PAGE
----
There is a misconception among some people that online and offline PR channels are mutually exclusive. Rather than using an integrated approach they do their best to keep the two categories separate. This is, of course, a fallacy. Traditional PR experts know the advantages that come with a holistic PR strategy that includes publicity across the media spectrum (print, TV, radio). Having online PR in the mix just provides one more avenue to reach potential consumers and clients.
The primary difference between online and offline PR is that offline PR is easier to control, but once content has been released into the digital domain there’s no telling where it will go or how it will be used. It’s this that scares the bejesus out of old-school PR specialists. The idea of being out of control is incomprehensible.
Public relations defined
The definition of public relations lies, unsurprisingly, in its name: it’s an individual’s or organisation’s relationship with the public. It includes a public image or persona, which may or may not be an accurate reflection of the real thing.
Online PR has been around long enough for specialists to discover ways to manipulate it. That’s one of the ways you can tell that’s here for the long haul; if it’s not worth gaming then it’s probably not worth anything.
Conversely, this means it’s been around long enough for web savvy people to see through the manipulation and decide that they won’t stand for it.
This is why you have to be careful about the way in which you approach websites or bloggers about your particular piece of news. For starters you have to approach them with something that is relevant to what they do (the same as offline). You can’t be too obvious or blatantly advertising or smarmy (same as offline). And you can’t think that just because they’ve run one or two press releases in the past they’ll continue to do so for the foreseeable future.
In offline PR, print publications, radio stations and TV channels often have tacit agreements with PR companies to run stories as long as their clients advertise. There’s no such thing online, or at least it’s not yet the norm.
So, if you overstep your blogger’s bounds or send them something that incenses them, they will use their platform to drag you over the coals.
And then there are web users, who are active information consumers. They’re doers (provided they don’t have to move too far from their computer screens to do it). They start causes and join causes and shout down causes at the drop of a hat. So, if you publish something that they don’t like they won’t hesitate to tell everyone they know. You also can’t really stop them from taking selective bits and pieces out of your PR efforts and using them out of context or twisting them, even if it’s inadvertent.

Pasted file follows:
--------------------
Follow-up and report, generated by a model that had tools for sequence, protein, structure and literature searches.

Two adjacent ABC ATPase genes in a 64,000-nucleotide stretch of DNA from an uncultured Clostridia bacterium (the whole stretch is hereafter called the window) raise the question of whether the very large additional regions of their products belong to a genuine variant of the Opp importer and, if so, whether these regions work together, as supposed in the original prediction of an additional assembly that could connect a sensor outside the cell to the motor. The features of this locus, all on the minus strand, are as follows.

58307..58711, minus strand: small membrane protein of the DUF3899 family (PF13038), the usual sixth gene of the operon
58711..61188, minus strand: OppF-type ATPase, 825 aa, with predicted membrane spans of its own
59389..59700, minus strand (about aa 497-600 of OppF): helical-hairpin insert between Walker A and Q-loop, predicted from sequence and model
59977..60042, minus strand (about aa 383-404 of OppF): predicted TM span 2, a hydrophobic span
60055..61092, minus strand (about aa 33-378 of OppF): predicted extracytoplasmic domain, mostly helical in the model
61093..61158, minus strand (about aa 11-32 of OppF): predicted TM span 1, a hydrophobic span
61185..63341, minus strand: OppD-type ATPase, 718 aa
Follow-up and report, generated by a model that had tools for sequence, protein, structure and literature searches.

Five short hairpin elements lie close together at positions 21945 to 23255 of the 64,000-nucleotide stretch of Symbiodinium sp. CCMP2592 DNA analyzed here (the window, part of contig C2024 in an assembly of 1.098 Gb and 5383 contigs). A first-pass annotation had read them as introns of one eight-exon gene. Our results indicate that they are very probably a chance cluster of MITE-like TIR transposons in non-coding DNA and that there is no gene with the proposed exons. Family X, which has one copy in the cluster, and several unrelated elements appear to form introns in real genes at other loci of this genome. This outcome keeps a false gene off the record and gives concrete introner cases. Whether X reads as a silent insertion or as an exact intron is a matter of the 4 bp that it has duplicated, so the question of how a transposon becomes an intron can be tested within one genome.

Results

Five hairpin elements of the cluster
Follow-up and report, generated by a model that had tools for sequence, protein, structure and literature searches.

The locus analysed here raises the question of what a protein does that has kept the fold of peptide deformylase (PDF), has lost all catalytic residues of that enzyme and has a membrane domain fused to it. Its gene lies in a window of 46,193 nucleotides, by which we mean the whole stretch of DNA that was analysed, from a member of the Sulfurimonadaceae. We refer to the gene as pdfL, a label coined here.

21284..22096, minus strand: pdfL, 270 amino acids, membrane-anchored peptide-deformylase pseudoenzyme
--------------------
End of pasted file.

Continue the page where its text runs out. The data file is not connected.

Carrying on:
In this way online PR can be a public relations nightmare.
When people turn off their computers they (generally) stop being active consumers of information and revert to their passive default setting. They watch TV, most of which washes over them; they listen to the radio, most of which washes over them; they read newspapers (selectively) and really only take in the information that is relevant to them or is what they want to hear.
If you publish something they don’t like, it’s more than likely that they’ll just ignore it. They won’t spread their dislike as though it was a contagious disease.
And, as mentioned above, publication of news is almost guaranteed thanks to long-term advertising contracts.
New businesses or those that can’t afford to spend a fortune on advertising may have a more difficult time breaking into offline PR. This is when the pitch is important as you need to convince reporters and publications of the value of your news. And, as most publications work to predetermined monthly themes, Mark Thompson says that you also need to ensure that what you want to publish ties in with that particular month’s focus.
Putting the two together
Online and offline PR have their different strengths and weaknesses and in this way they are perfectly suited to support each other.
By using both channels you widen your reach. More people see you and become aware of your message. It’s also likely that people will see you both online and offline, which takes care of repeated exposure.
Considering the audience overlap you can choose to emphasise different aspects of the same public relations story on the different media. For instance, you can keep your online communication short and to the point. You don’t have to dress it up or furnish fluffy details. On TV you can go with the human touch and in print you can give the story behind the story; all three of which ensure that your message is comprehensively covered without being boring.